He found the two female German shepherds outside the building when he came to work Monday. they were so hungry, he says, they were eating mud.

He brought them inside the garage and fed them about a gallon of dog meal. Shortly after, the older dog vomited a mixture of mud and worms that looked like crank case oil on the cement floor.

Both dogs were about eight months old, he says, and probably unspayed. Nobody knows who abandoned them.

Both dogs bore signs of malnutrition and one had a serious case of distemper. They lay quietly on the cement floor licking Mr. Johnson’s hand when he patted them, obviously too ill to stand.

“That’s criminal,” said Mr. Johnson. “They depend so much on a human being.”

City poundkeeper Mike Popoff and Mr. Johnson took the two strays to the west Kootenay Animal Hospital that afternoon.

Dr. Hugh Croxall, a veterinarian, said the dogs will be kept alive because they may be needed as evidence in a court case if the former owners are found and charged.

Dr. Croxall says he has to destroy up to five dogs and eight cats per week for the city. He says the problem is one of education and overpopulation throughout North America.

Nelson, he says, “is a good dumping area” for dog owners who don’t want to pay the $5 fee to have their dog put to sleep.

Irresponsible dog owners have a peculiar rationale for abandoning their dogs in a city according to the veterinarian. “Some guy with a soft heart might take it, if the poundkeeper doesn’t destroy it or if it doesn’t get shot, or run over first.

They just seem to want to get rid of their problem but “if you doump a dog out on the road, it hasn’t just gone away— it’s still suffering.”

He says he regularly finds dogs tied to the hospital’s gate. Some of them have been shot, half drowned, run over and had their legs broken, or simply starved.

Though he’s under no legal obligation to take care of a dog because it’s tied to a gate, the poundkeeper will catch it anyway, and the hospital destroys strays found in the city.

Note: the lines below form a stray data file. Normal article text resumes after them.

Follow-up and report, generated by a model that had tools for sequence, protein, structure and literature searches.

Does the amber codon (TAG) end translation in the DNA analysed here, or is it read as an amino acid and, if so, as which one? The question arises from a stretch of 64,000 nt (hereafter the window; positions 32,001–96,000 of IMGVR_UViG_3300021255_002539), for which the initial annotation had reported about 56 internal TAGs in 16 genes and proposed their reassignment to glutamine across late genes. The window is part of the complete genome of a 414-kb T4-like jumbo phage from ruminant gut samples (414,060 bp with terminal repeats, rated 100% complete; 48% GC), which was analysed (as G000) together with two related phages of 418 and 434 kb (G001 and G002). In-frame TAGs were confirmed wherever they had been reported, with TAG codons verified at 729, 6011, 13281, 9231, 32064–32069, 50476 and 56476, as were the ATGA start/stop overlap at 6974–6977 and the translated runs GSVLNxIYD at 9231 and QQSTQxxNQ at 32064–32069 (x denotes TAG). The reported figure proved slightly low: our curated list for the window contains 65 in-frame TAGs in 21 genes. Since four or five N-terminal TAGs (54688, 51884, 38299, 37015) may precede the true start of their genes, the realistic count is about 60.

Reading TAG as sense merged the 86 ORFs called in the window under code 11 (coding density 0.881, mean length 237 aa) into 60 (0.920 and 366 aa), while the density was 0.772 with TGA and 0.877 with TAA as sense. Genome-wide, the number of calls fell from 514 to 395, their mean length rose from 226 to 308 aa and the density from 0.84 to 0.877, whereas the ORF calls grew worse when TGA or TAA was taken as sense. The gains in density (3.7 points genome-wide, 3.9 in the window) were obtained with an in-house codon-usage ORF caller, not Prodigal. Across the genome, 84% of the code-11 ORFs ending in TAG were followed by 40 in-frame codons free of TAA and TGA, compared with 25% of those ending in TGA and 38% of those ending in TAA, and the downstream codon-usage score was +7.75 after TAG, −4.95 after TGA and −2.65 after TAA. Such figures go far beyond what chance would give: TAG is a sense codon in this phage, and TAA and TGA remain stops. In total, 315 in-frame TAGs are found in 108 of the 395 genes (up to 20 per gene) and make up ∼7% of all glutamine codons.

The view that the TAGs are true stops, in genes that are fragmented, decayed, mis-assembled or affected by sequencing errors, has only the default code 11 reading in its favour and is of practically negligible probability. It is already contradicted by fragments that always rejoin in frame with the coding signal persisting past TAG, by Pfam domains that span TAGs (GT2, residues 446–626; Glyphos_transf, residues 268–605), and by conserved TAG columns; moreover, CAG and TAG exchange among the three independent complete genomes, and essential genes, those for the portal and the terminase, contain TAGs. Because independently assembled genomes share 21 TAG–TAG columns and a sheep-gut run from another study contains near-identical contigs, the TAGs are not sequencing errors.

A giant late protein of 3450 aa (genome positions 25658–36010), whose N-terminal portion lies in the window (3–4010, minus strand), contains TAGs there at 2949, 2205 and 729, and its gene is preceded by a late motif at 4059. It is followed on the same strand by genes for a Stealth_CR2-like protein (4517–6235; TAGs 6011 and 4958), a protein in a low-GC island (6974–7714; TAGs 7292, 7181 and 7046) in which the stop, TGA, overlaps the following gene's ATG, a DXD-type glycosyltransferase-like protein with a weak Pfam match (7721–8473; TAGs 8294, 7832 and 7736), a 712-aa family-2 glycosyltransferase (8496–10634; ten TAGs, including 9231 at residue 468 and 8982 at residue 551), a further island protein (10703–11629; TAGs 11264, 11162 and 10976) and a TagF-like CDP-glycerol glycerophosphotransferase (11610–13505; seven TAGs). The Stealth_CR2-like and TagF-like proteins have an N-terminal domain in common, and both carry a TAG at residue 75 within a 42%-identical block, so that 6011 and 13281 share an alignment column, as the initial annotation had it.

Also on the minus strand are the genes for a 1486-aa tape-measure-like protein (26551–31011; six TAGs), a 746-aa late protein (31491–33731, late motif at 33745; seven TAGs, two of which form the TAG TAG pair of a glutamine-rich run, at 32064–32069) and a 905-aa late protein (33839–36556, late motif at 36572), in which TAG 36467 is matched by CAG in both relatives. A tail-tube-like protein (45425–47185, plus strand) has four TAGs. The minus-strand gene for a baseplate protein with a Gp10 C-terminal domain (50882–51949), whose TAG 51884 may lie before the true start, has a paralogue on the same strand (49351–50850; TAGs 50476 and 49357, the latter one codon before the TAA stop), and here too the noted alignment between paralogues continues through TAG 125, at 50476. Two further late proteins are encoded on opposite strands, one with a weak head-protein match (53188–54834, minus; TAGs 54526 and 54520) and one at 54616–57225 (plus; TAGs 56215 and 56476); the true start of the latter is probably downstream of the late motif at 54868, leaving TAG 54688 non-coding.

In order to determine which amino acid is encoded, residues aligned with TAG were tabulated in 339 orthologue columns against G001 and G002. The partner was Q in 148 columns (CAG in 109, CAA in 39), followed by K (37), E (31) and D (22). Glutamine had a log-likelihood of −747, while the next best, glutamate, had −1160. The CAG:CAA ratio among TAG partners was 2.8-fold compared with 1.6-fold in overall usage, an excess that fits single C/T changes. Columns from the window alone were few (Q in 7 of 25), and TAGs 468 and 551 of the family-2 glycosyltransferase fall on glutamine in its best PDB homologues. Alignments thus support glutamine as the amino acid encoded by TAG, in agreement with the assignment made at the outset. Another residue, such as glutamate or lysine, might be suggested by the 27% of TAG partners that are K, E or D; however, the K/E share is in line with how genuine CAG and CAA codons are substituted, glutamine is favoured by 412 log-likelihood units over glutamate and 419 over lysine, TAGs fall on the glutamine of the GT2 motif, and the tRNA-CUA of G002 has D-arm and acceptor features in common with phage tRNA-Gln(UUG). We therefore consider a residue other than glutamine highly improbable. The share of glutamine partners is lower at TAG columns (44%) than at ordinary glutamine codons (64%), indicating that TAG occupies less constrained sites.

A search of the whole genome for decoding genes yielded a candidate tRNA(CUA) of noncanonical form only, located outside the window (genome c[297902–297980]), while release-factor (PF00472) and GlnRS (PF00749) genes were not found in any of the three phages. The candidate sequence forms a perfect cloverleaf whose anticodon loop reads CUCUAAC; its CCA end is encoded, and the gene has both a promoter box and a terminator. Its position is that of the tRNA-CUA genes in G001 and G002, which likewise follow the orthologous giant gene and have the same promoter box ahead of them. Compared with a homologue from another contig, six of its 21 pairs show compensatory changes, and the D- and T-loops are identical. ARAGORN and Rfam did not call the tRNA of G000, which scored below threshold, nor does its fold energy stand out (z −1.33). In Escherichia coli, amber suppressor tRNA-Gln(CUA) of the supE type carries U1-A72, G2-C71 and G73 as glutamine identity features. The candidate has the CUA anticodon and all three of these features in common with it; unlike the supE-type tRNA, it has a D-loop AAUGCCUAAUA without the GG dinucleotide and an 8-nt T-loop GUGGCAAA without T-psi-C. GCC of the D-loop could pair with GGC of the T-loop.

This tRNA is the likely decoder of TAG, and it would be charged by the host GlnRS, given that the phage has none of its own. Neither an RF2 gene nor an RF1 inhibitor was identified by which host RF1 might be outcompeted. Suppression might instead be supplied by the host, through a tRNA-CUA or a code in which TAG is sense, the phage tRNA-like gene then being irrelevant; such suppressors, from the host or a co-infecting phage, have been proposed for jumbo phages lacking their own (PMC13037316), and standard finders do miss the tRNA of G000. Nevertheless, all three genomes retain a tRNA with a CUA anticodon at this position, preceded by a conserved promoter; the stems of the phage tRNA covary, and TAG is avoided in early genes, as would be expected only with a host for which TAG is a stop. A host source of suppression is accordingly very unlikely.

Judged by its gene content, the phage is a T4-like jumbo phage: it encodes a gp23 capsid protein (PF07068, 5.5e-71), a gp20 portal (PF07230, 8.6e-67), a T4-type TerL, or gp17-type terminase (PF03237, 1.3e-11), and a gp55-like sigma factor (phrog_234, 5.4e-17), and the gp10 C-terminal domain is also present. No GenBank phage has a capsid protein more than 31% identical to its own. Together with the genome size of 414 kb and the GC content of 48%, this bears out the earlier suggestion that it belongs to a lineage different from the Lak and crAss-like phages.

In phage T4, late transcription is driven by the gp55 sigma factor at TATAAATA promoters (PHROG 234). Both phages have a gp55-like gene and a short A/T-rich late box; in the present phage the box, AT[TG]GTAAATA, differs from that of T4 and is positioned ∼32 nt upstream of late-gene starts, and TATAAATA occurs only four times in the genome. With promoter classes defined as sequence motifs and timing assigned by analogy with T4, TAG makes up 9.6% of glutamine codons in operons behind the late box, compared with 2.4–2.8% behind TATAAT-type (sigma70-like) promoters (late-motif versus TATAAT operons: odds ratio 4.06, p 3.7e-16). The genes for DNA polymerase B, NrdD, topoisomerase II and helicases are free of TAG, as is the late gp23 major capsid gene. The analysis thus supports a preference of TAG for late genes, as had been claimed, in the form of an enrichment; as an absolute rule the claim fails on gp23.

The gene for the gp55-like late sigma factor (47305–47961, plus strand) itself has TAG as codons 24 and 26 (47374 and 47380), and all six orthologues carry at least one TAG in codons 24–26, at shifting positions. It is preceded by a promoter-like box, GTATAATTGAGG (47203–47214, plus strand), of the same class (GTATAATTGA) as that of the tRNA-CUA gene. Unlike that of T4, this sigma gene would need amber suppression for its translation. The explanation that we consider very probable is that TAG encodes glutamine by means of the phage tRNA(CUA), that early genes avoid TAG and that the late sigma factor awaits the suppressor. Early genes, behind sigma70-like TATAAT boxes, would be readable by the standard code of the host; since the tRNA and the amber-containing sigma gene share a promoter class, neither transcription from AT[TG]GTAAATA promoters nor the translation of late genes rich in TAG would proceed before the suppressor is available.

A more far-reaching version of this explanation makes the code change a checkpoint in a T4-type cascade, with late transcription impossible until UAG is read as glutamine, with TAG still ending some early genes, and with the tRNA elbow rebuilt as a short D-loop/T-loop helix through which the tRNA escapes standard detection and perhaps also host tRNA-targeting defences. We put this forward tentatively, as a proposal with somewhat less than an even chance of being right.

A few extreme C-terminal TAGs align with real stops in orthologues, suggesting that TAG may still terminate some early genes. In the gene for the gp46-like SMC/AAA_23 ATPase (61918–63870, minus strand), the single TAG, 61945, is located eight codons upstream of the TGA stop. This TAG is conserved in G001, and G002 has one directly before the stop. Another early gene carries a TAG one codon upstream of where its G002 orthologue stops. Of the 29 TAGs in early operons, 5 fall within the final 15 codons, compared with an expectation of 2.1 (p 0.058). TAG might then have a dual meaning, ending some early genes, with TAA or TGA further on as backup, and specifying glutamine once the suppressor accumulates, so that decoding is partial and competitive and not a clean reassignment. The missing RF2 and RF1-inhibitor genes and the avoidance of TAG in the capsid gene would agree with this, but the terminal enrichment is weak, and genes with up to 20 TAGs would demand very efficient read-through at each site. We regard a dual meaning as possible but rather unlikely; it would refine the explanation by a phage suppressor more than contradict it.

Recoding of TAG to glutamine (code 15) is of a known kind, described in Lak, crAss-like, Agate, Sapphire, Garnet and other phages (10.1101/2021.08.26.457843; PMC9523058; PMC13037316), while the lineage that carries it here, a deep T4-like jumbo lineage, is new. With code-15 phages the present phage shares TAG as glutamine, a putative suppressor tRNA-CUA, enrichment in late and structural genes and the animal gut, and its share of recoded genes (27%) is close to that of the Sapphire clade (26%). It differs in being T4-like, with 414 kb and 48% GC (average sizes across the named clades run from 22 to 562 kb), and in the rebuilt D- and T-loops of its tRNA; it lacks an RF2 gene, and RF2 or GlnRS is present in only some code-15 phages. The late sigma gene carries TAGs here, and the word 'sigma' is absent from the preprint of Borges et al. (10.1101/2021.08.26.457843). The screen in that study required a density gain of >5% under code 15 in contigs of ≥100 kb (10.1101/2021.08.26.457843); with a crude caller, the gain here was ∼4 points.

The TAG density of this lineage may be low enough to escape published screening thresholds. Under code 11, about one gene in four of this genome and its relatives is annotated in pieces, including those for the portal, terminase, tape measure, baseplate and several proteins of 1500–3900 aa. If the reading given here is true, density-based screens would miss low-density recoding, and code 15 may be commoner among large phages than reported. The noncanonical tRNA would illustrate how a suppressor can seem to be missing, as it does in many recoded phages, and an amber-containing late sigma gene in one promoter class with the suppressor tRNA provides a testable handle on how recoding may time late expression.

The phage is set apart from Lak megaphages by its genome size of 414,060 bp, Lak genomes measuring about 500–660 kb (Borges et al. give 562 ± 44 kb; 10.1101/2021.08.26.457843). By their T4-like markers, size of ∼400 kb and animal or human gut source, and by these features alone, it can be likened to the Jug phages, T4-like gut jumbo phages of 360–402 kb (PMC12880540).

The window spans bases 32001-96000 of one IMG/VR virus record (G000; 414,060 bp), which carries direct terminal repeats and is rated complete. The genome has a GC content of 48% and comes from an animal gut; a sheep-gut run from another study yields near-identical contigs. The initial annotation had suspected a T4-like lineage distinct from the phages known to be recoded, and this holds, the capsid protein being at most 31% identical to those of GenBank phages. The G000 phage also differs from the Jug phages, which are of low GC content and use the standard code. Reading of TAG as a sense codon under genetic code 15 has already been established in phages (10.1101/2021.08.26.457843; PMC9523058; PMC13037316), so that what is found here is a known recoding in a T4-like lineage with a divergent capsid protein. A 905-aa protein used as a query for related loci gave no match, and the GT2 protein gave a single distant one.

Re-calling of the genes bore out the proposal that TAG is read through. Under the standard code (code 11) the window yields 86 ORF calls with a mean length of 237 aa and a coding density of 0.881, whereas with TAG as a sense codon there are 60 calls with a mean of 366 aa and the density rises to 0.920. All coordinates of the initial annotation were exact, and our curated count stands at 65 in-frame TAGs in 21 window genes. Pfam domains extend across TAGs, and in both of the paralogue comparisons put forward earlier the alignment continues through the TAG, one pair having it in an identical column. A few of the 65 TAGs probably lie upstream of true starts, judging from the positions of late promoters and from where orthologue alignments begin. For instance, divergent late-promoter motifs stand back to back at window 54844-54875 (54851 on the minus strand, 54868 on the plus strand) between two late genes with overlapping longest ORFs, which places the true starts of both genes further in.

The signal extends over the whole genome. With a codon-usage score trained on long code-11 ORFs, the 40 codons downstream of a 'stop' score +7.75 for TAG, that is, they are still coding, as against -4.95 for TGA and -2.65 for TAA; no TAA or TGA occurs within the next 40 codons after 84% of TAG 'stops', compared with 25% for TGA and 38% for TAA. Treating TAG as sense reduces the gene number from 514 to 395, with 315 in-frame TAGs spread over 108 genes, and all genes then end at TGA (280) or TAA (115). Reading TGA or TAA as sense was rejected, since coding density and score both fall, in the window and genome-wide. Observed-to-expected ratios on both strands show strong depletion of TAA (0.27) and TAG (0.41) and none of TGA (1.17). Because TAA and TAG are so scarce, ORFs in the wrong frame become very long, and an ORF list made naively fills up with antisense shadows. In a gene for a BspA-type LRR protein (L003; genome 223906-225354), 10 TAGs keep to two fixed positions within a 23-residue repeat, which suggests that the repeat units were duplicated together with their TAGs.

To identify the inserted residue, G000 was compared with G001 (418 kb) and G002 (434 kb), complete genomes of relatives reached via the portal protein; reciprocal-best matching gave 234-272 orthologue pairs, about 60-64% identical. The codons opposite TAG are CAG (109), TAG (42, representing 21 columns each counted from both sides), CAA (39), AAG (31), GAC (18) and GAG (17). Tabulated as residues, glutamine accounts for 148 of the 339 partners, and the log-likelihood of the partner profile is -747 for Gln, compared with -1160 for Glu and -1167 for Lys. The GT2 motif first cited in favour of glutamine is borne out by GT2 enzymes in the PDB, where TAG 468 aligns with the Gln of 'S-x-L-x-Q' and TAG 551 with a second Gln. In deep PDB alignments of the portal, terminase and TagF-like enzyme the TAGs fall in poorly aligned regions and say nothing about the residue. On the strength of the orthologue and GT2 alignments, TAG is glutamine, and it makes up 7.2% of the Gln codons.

A healthy dog may last two weeks in the hospital, in the hope that it can be given away for a pet. “But there just aren’t enough houses for all the dogs. Some will have to do without and it’s better for them to be put to sleep.”

Dogs that were pets can’t survive without people, he says.

“I despair of trying to educate these guys who say it’s wrong to tie up a dog os spay it — that it should be free. You’re interfering with the balance of nature. We protected the dog on one side of the scale, and now they’re overpopulated, but you can’t turn them back.”

Most stray dogs come to the hospital from outside of town, he says, and they get there by a pretty circuitous route.

“Big dogs have big litters.” Some dogs have as many as 12 pups per litter, he says, and the owners take the pups to a shoppign centre parking lot and give them away.

“So some innocent kid takes a dog home with him and the kids’s father takes it down to the dump and leaves it there.”

“You very rarely find the real offender, he says. That’s the one who gives the dog away.

Education, and limiting the number of animals is the ony to to do it,’ he says. “You can’t solve the problem by dealing with the cats and dogs.”


As a photographer I had a lovely time writing occasional articles on my craft for the Daily News. I couldn’t help exaggerate

Cameras: use them or lose them

Daily News Jan 4, 1985

One of the least-known hazards of photography is other photographers, especially those who would rather talk than take pictures.

They generally introduce themselves at the most inopportune time. Queen Elizabeth is roller skating down Gottingen Street and you’ve got it all in your viewfinder when you hear a voice in your ear:

“Hello, I see you’re a photographer. I’ve got three zoom lenses, two camera bodies with motor drives, a couple of automatic flashes with interchangeable power packs, several tripods and studio lights.”

Well, what can you do? If you’ve got any manners, you’ll put down your camera and listen to your well-equipped colleague. You might learn something.

“Really? That’s a lot of zooms. Are they fast enough?”

Skirts flying, the Queen sails past Cornwallis Street, hits a manhole and tumbles headfirst into the mud.

“Why certainly, I just use my flash if I don’t have enough light.”

Sirens wailing, an ambulance screams around a corner on the trail of the mud-caked monarch and runs straight into a busload of flag-waving schoolchildren.

“But all those flashes and batteries must be a heavy weight to carry around.”